Body-Image, Movement and Consciousnness:
Examples from a Somatic Practice in the Feldenkrais Method

Body-Image, Movement and Consciousnness,Ph.D.

(Published in the Journal of Consciousness Studies, 6, No. 2-3, 1999, pp.79-91.)

as a thing. Observation of our experience indicates that we are actually consciousing, and that experiencing is closely related to movement and the muscular sense. The position of this paper is that mind and body are not two entities related to each other but an inseparable whole while functioning. From concrete examples from The Feldenkrais Method, it is shown that changes in the organization of movement and functioning are intimately related and that one cannot change without conscious experience. Implications for the resolution of controversies in the field of consciousness studies and the neurosciences are suggested.

Introduction: The Importance of Movement

It is odd that we have made the activity of sentience into a noun. We say consciousness and not consciousing, implying that consciousness is a thing. Yet for other related activities we say we are sleeping or that we are dreaming. The specific activities of a conscious mind are, however, verbs. We imagine, look at, think, listen, observe, feel, bring attention to, meditate, etc. We speak of consciousness as a state. Yet everything we know of consciousness is connected to movement. In order to see the book on the table across the room I must make an act of attention. I turn my head and eyes and focus at the distance. Whatever impinges on the retina is not what I see. This may be of a particular size shape and produce a certain color, but I see a book. That means my perception is organized to see a particular thing.

If I fix myself so that nothing moves and the image stays on the retina for so many seconds I will no longer see. But this is hard to do. My eyes naturally move all the time. If I watch my own process, I find a continuous shifting. My attention moves; my thought moves; there is an arising and falling of each distinct thought or moment of where my attention is directed. And as this activity continues, I have the ability to also observe the activity, the mind watching itself. Do we confuse ourselves by making a noun, consciousness? As I continue I will use both the noun and verb form.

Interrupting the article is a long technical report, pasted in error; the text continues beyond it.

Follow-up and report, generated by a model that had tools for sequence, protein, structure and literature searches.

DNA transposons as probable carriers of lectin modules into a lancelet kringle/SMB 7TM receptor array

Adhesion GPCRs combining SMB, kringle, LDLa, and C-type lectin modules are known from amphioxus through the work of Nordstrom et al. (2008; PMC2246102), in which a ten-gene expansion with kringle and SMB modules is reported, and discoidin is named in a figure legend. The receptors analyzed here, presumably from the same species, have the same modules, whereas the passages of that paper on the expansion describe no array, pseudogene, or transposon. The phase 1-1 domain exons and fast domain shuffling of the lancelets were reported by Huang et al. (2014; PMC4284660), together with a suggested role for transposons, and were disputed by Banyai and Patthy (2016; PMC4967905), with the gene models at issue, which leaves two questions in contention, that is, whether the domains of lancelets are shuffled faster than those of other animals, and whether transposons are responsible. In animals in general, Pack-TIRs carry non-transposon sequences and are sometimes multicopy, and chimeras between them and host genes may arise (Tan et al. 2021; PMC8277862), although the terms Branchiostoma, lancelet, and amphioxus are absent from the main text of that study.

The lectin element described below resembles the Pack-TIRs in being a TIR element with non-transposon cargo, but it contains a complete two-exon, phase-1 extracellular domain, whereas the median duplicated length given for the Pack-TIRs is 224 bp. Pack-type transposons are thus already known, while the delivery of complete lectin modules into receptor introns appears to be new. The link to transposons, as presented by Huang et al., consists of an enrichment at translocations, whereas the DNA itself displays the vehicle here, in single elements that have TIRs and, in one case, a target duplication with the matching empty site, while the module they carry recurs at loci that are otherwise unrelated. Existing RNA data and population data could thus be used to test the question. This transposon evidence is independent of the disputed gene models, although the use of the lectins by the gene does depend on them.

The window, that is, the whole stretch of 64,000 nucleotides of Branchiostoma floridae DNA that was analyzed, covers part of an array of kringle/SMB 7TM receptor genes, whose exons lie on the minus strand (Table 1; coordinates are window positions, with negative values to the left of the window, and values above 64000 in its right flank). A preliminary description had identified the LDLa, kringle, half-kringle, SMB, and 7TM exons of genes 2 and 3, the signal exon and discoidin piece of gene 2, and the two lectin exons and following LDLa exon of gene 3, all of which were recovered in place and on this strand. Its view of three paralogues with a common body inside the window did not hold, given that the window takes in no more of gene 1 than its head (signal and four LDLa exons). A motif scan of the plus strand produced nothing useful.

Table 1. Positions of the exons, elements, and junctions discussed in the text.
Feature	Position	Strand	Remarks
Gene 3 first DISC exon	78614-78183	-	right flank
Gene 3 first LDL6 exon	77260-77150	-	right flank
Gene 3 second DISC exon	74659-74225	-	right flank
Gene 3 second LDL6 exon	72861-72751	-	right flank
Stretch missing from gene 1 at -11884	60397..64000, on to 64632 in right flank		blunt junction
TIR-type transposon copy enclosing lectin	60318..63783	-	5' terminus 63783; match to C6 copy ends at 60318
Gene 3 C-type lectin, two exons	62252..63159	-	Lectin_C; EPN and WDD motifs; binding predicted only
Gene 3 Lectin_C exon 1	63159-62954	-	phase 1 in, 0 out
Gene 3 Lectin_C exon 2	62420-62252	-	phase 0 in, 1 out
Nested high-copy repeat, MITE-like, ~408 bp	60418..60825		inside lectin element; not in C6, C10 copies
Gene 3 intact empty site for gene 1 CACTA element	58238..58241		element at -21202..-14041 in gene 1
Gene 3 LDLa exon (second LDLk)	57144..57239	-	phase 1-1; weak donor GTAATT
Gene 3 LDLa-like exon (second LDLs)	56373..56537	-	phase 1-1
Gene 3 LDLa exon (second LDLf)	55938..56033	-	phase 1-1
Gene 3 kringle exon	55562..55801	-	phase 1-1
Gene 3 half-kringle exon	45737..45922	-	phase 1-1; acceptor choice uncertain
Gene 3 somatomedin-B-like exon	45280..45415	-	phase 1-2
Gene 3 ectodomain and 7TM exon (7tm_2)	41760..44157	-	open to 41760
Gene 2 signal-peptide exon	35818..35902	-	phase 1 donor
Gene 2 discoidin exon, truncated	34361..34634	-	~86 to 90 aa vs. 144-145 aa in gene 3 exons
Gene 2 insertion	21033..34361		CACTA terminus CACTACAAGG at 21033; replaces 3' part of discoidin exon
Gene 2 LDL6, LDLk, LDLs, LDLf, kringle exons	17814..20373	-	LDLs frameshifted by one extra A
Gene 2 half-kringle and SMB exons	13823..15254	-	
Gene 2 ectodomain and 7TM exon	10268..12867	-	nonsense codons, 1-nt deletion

I take a walk with my dog. My vision puts me in spatial flow where the movement through the landscape is my walking itself, and at the same moment directing my path. A rock wall comes into view and I skillfully step over it. I know in my sensation of my moving when I have lifted my legs high enough so that my feet come over the wall. I do not have to stop and think about it. It is all part of my immediate conscious experience. And yet I am surely not consciousing all the workings of my biological system. I stop to look for a rock to sit on in a dry arroyo. I find what I seek. Sitting, I am facing the sandy bed of the arroyo, and about twenty yards away a twisted mountain oak sprouting out of the rocks of the arroyo wall spreads its branches over the arroyo. I feel my breathing become easier, a flowing in my chest. I am enjoying the beauty of this view. My dog approaches. He sits looking at me. I lift my hand to pat his head and he licks my hand. I am attending, intending, interacting in sequence, and continuing that activity until I sleep again.